NFL Power Rankings: Are Pats real contenders entering camp?


Welcome to NFL hype season.Training camp is officially underway, which means you'll hear breathless reports about players in "the best shape of their life" and talented rookie quarterbacks who are outplaying their veteran counterparts (in 7-on-7 drills with no contact).The challenge is determining how much of the hype is real. Which teams are legitimately set up for success in 2021, and which clubs will recede toward mediocrity? Our latest 2021 NFL Power Rankings assess the state of all 32 teams to separate the contenders from the pretenders.

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Previous Rank: 32

Deshaun Watson reported to training camp Tuesday, but with 22 active lawsuits of sexual misconduct filed against him, it seems unlikely he’ll be on the field in Week 1. Watson’s status aside, this roster is a disaster with major questions on defense and the offensive line. New head coach David Culley has his work cut out for him.


Previous Rank: 31

We’re sure there will be some training camp buzz around Jared Goff and new running back Jamaal Williams, and new head coach Dan Campbell supposedly is working to change the culture after Matt Patricia’s departure. But don’t be fooled: The Lions are very much in rebuild mode and should be in the NFC North basement this season.


Previous Rank: 30

Thoughts and prayers to Zach Wilson, whose every move in training camp and the preseason will be dissected by restless New Yorkers. A young team with a rookie quarterback and first-year head coach is bound to endure growing pains, so it will be interesting to see how Wilson and Robert Saleh handle the pressure.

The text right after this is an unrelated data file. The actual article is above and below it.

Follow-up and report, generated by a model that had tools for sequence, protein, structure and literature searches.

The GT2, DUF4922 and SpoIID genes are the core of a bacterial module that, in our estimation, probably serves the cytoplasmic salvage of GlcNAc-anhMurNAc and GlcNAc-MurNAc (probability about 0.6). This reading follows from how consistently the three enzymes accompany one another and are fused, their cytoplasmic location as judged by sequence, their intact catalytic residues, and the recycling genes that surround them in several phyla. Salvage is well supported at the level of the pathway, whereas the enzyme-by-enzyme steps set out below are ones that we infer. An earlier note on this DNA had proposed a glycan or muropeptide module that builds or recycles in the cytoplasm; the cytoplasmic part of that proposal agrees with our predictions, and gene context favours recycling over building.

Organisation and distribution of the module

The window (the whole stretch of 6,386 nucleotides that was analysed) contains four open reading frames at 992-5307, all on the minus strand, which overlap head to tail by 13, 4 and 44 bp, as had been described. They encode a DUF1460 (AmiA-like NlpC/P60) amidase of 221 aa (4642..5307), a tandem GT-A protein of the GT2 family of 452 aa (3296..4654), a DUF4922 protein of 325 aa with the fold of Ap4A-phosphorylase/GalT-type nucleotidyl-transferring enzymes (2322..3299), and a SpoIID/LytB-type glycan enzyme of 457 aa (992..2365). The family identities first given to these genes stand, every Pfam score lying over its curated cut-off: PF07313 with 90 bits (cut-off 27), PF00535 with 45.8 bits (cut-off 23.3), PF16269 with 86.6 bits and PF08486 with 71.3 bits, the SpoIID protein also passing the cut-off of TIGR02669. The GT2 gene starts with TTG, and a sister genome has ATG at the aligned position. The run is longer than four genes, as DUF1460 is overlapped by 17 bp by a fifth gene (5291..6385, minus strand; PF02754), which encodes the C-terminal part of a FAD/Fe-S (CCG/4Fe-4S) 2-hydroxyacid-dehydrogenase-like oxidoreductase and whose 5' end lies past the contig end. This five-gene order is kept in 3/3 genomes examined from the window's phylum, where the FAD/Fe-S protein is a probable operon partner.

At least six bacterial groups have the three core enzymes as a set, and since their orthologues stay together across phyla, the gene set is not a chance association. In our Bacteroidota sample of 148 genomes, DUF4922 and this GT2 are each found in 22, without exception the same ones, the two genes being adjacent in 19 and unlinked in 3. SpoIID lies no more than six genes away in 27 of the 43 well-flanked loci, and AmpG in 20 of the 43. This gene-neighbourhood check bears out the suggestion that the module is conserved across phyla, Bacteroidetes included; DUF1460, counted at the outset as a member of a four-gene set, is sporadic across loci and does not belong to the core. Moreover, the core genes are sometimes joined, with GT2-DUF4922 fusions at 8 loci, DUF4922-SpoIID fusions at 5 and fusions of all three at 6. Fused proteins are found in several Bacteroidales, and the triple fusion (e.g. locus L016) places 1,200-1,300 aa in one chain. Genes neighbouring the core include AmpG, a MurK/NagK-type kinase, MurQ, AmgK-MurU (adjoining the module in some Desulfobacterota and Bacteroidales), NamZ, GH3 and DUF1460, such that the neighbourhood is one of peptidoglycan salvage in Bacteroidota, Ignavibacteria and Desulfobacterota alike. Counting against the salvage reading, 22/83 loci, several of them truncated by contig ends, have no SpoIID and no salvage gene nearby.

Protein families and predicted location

Previous Rank: 29

Same goes for Trevor Lawrence, who plays in a much more forgiving market but has much higher expectations than Wilson as the No. 1 overall pick. The Jaguars have some talented skill players, but a subpar offensive line and porous defense should make Urban Meyer’s transition to the NFL quite difficult.


Previous Rank: 28

Bengals president Mike Brown said it’s unlikely Joe Burrow plays in the preseason despite being cleared to fully participate in training camp. That’s a wise choice, but it also means Cincinnati’s first few games could get ugly as Burrow plays his first competitive football since last November.


Previous Rank: 26

You’ll notice a theme among our NFL Power Rankings bottom-dwellers: new head coaches and inexperienced quarterbacks. Nick Sirianni will get no sympathy from the Philly faithful if Jalen Hurts and the new-look offense doesn’t deliver, while a defense that ranked 20th in points allowed last season may struggle to hold up its end of the bargain.


Previous Rank: 25

Christian McCaffrey is a welcome sight at Panthers training camp, and you’ll probably see Sam Darnold throw a few nice balls. But it’s hard to get too excited about a QB who’s thrown 39 interceptions in 38 career games. Carolina might win more than five games this season, but don’t expect this team to be in the playoff picture.


Previous Rank: 21

The Raiders made some head-scratching moves this offseason by trading for Kenyan Drake with Josh Jacobs already on the roster and parting with three starting offensive linemen in center Rodney Hudson, guard Gabe Jackson and tackle Trent Brown. Oh, and only the Jaguars and Lions allowed more points than Las Vegas’ defense in 2020. Derek Carr will have to be well above average for the Raiders to be good this season.


Previous Rank: 27

If the Giants want to be competitive in the NFC East this season, they need Daniel Jones to take a big step forward and need Saquon Barkley to stay on the field. Both are no guarantees with New York’s suspect offensive line, but the pieces are in place for an improvement from 6-10.


Previous Rank: 24

So much for the Aaron Rodgers pipe dream. Teddy Bridgewater and Drew Lock will battle for the starting QB job in training camp, but neither player really moves the needle. Denver will need to establish the run with Melvin Gordon and Javonte Williams to keep pace in what should be a competitive AFC West this season.